If you have purchased a laptop since 2005, there is a very good chance it has a ‘SMS’ or Sudden Motion Sensor. This is basically an accelerometer which detects any sudden movement and will stop spinning the hard drive if enough movement is detected to protect it from being damaged in the fall, thus saving your data. Since the introduction of the Sudden Motion Sensor, developers have found clever ways to implement the accelerometer in their applications. Among the most useful is iAlertU.


iAlertU is an alarm system for your Mac. When motion is detected, the alarm is triggered, and it will even capture images from your iSight of the perpetrator. You can use your Apple Remote to enable or disable the alarm, and it will chirp like a car! iAlertU is free, and available for download from SourceForge.

If you of are the more curious type, you might have already discovered that within a lot of Apple applications, you can use the remote. If you haven’t, for example, in QuickTime player, you can use the pause, forward, backward and volume up/down buttons to control a movie playing. In Keynote, you can advance a slide with the remote. In iPhoto, you can advance a photo with the next button on the remote. Maybe you get the idea.

A couple less intuitive secrets about the remote:

You can put any Mac with an IR receiver, docked iPod (with IR receiver) or AppleTV to sleep by pressing and holding the Play/Pause button. Pressing any button on the remote will then wake up the device.

Holding down the Menu button on the remote during startup of an Intel Mac will bring you to the Startup Manager (also accessible by holding the Option key). Also in this menu, you can eject a CD or DVD by pressing the volume up (+) button on the remote.


Finally, if you are looking to do even more, there are a number of third party applications that will let you just about anything imaginable with your favorite remote. It comes down to a personal choice, but my favorite is RemoteBuddy. RemoteBuddy will allow you to use not only your Apple Remote, but many other IR based remotes- even a Wiimote! Touting support for over 100 applications, RemoteBuddy lets you easily configure your remote to do exactly what you want. Recently, RemoteBuddy added an ‘AJAX Remote’, which allows you to use your iPhone or iPod Touch to control your computer and interact with it similar to the Apple Remote, through Safari.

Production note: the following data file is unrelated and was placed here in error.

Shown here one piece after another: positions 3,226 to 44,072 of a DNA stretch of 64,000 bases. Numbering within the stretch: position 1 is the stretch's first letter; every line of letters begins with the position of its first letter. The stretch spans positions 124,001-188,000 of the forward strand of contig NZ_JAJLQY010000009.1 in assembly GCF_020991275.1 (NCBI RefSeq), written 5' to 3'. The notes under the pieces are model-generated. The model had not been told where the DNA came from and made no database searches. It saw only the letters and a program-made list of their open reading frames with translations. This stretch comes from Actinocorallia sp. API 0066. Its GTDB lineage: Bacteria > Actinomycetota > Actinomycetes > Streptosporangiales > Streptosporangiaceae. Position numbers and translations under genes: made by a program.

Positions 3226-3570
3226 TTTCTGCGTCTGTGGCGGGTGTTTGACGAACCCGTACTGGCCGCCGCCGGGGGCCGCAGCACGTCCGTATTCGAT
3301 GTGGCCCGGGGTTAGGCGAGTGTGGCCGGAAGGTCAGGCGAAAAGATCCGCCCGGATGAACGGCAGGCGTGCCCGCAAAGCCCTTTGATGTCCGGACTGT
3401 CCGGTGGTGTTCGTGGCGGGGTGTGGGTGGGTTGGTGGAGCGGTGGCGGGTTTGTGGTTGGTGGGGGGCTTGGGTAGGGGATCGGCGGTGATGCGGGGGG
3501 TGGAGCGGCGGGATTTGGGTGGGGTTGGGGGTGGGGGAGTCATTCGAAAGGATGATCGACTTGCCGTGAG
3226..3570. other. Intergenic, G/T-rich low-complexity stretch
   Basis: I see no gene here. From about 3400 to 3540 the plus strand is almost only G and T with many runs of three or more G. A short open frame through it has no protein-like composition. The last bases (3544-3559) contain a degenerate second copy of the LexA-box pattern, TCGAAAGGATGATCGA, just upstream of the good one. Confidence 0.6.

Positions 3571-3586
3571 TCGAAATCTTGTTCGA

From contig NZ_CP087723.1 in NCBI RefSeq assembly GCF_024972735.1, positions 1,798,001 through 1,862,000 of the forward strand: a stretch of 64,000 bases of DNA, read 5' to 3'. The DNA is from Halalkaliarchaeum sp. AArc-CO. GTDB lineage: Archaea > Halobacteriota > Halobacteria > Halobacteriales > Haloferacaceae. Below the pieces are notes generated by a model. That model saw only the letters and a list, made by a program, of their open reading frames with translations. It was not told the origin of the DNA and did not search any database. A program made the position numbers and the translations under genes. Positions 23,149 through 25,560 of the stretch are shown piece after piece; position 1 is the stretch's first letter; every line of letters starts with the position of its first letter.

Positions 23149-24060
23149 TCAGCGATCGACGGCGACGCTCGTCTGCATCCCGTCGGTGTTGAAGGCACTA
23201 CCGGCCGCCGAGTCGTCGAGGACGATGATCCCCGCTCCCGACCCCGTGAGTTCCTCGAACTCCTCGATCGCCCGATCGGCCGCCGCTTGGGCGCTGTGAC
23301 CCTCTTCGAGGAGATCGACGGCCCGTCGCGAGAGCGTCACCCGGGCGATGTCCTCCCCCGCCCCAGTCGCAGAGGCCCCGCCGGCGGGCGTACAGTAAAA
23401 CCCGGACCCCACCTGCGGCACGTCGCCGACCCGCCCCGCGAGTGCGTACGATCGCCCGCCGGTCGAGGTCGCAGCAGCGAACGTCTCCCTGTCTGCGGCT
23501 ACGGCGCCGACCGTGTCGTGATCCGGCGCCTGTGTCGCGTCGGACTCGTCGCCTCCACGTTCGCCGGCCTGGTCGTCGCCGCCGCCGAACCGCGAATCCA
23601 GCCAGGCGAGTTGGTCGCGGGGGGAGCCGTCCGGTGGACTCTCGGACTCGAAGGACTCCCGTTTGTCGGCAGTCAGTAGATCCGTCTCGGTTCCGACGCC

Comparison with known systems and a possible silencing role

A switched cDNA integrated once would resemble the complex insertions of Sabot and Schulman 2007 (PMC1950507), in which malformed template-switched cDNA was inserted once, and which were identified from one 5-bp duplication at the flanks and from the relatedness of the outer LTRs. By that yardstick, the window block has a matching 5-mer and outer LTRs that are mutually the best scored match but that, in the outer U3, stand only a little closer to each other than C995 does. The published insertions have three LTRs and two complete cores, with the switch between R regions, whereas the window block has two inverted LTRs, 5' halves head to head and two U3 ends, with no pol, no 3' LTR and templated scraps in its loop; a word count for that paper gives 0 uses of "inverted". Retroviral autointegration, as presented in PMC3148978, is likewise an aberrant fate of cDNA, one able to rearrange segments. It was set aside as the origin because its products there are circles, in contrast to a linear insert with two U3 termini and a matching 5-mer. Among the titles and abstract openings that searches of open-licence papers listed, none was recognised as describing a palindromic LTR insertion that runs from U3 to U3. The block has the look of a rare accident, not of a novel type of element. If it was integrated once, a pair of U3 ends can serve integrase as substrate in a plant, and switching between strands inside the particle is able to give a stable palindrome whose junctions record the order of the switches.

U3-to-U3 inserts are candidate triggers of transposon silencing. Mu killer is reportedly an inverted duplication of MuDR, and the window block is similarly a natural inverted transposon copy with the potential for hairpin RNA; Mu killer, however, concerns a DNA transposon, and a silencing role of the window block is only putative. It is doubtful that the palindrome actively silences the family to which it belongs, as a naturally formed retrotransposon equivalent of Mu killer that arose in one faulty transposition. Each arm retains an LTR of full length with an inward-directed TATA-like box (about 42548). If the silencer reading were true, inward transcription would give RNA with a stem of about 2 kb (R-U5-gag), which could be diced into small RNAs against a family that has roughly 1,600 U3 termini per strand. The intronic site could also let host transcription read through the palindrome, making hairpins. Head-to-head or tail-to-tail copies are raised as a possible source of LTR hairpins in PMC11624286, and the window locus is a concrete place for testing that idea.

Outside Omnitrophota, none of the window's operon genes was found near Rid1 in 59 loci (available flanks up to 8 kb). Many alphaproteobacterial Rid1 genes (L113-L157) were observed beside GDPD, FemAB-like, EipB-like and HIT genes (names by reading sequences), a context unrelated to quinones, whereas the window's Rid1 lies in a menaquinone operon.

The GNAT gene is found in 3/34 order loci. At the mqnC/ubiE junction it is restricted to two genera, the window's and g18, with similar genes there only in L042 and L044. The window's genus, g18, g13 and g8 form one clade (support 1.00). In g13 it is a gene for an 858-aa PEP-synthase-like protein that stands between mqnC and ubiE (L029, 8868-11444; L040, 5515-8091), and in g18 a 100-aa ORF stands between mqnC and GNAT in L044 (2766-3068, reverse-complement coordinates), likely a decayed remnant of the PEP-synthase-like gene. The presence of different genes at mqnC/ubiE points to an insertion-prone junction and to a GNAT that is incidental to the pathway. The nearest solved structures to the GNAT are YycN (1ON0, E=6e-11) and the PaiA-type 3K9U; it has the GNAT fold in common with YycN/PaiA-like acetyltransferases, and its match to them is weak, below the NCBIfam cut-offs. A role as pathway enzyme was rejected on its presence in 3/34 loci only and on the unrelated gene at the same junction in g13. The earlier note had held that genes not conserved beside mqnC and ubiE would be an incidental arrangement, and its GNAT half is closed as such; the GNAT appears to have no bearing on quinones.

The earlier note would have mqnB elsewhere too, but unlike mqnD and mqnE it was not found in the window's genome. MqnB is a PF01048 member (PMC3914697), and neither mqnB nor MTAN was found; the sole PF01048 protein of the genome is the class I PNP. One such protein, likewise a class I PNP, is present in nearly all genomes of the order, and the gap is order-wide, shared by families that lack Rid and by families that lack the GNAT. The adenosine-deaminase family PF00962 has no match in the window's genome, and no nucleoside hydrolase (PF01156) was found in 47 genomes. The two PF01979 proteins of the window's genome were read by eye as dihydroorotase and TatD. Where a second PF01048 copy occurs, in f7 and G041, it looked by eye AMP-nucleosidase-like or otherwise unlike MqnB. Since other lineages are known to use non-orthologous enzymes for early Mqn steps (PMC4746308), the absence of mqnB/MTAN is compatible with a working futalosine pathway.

While RemoteBuddy is probebly the most robust and feature filled, you can also check out SofaControl, Mira and iRed Lite.

Hopefully now, you will give your remote a second look, and hopefully put it to use better- be happy if you got it for free!

Disable IR Receiver Preference Pane

Also, as a side note, I highly recommend anyone with a Mac with an IR Receiver goes into the Security Preference pane and disable the receiver, so only paired remotes will work with your computer. This prevents anyone else with a Apple Remote bringing you into Front Row, or whatever you have your remote doing.

The Forgotten Remote

1 04 2008

Recently, a friend of mine planning to buy a Mac asked me why the Apple Remote was no longer standard on any of Apple’s computers. I at first though he was mistaken- then I checked it out.

The Apple Remote
The Apple Remote

Apple likes to stay competitive. Apple wants to keep their prices down. Sometimes, in between the two, there has to be a compromise. When the MacBook Air was introduced, the Apple Remote was an optional accessory. Slowly, Apple began to remove the remote from the included items in their new Macs- it has become a $19 accessory. Now, if you want to buy a new Mac, and wish to use the remote, you will need to pay $19.

In October of 2005, Steve Jobs introduced Front Row in a Media event along with a new iMac G5. The main UI for Front Row was the Apple Remote, which would magnetically attach to the side of the iMac (a feature since removed). Then, as Apple began transitioning to Intel Processors in 2006, they added IR receivers to all of the new Macs (with the exclusion of the Mac Pro) and shipped them with Apple Remotes. Previously only shipping with new Macs, in Leopard, Front Row became a standalone application found in the application folder of all Macs running Leopard- not hidden in the depths of the Finder.

This isn’t the first time Apple has scaled back on included items, however. Those who have purchased an iPod before 2005 may remember that you used to get a charger with your iPod. The move was probably just cost cutting which saves Apple a couple of dollars per computer- if that. Whether Apple actually determined that most people didn’t use it, or had to cut a couple dollars, it looks like I’m going to have to pay an additional $19 with my next computer purchase. To me, I would prefer if they would allow you to opt out of the Remote for money back, as the price of their computers haven’t decreased.